Lovesick and Dumbfounded
Carolyn and I often spend our quiet times reading from A Guide to Prayer for Ministers and Other Servants, an Upper Room publication (If you've visited Shepherd's Rest you've seen the copies in each bedroom.) The Old Testament passage for this morning was Zephaniah 3:17.
With apologies to Zephaniah and Bruce Waltke, my old Hebrew professor, here is my translation...
The LORD, your God is with you--
your hero, mighty to save!
He takes great delight in you.
He is speechless with love for you.
Every time he thinks of you he breaks into joyful song!
I'm awed by the notion that God takes great delight in me and breaks into song each time he thinks of my name. But it's the phrase I render, "He is speechless with love for you" that captivated me.
The verse is usually translated, "He will be quiet in his love," or in some translations, "He will quiet you." But the verb doesn't suggest tranquility or rest. It actually means, "to strike dumb." And since the verb is in parallel with other verbs that suggest God's strong emotions ("takes great delight," and "breaks into joyful song") it must point to what He himself feels.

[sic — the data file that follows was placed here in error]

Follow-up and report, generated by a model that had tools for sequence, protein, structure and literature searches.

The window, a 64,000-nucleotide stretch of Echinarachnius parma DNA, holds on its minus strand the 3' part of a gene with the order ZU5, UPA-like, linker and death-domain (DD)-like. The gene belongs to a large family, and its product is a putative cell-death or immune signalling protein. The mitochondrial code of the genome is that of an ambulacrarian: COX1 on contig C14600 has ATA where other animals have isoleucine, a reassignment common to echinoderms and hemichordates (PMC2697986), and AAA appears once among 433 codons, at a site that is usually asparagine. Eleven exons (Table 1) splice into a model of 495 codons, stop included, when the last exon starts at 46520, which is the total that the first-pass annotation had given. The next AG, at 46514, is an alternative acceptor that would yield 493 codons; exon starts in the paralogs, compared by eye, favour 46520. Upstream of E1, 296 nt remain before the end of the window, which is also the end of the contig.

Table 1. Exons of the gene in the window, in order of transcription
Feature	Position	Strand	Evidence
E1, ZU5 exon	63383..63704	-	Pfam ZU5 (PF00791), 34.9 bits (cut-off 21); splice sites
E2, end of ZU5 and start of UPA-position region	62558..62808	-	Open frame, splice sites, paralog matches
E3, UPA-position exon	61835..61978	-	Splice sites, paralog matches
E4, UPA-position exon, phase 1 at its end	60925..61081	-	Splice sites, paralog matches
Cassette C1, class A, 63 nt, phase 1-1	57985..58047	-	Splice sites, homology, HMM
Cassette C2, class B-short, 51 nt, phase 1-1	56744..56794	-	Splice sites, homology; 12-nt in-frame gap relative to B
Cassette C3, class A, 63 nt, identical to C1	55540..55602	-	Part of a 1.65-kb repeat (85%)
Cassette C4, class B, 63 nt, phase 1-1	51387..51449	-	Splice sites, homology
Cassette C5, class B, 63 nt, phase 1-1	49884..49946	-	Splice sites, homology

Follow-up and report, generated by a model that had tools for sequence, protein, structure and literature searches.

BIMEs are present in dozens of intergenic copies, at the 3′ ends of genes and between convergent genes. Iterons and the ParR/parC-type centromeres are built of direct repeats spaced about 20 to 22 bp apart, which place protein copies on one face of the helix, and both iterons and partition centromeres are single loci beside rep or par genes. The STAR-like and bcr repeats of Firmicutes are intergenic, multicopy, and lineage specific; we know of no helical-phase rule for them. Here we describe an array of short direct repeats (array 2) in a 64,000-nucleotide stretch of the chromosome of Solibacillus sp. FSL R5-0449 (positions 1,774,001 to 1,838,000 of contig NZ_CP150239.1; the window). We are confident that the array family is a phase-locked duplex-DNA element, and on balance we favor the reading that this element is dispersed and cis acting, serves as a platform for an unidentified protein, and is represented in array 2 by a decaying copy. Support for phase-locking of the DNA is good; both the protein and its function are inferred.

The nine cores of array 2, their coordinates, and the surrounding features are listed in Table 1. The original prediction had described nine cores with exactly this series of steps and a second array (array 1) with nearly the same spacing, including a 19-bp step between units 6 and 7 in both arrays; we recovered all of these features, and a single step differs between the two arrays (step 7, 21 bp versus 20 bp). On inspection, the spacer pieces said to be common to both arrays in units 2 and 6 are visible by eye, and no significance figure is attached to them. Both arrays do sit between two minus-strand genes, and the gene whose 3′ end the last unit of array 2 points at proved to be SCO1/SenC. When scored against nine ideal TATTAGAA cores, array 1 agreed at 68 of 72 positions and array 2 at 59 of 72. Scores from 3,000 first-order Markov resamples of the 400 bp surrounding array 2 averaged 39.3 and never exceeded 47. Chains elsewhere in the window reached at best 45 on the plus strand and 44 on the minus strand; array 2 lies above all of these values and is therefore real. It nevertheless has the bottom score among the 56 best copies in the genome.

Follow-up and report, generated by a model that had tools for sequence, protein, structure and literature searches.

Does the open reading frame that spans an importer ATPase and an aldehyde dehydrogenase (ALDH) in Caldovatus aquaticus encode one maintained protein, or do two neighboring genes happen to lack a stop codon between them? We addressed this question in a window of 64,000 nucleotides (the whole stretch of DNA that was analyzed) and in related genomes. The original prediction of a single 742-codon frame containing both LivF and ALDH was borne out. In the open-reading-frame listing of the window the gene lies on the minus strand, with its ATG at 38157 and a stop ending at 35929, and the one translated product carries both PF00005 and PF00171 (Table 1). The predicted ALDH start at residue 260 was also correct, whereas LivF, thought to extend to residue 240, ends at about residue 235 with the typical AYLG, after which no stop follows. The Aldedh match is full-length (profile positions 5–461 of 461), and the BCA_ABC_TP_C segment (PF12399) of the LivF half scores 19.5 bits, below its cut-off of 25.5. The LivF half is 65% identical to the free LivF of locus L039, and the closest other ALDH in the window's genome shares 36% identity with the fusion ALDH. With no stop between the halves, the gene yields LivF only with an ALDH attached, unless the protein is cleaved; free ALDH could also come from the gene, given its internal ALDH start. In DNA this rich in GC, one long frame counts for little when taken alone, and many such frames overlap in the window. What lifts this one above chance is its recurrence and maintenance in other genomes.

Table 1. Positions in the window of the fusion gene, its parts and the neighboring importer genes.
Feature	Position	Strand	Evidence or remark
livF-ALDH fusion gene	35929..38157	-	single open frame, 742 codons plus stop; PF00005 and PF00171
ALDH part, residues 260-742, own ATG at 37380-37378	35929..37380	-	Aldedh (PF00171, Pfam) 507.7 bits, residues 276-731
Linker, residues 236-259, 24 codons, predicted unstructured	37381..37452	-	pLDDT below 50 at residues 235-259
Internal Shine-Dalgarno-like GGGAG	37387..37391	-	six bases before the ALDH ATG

I wonder then: Could the analogy be that of a lovesick swain who is bowled-over, flabbergasted and dumb-founded by his love for the beloved-so overcome with fondness that he is tongue-tied? Is God, in some inexplicable, anthropomorphic way, "struck dumb" with love each time he thinks of us? If so, to be loved like this is, in turn, to be rendered speechless. As Isaiah would say, "I am undone."
And who is it that God so loves? One who is strong and able, brilliant, and breathtakingly beautiful? No, it is one who is "weak and the weary... who takes refuge in the name of the LORD" (Zephaniah 3:12).
 Jenni-Westerman, Theological Dictionary of the Old Testament.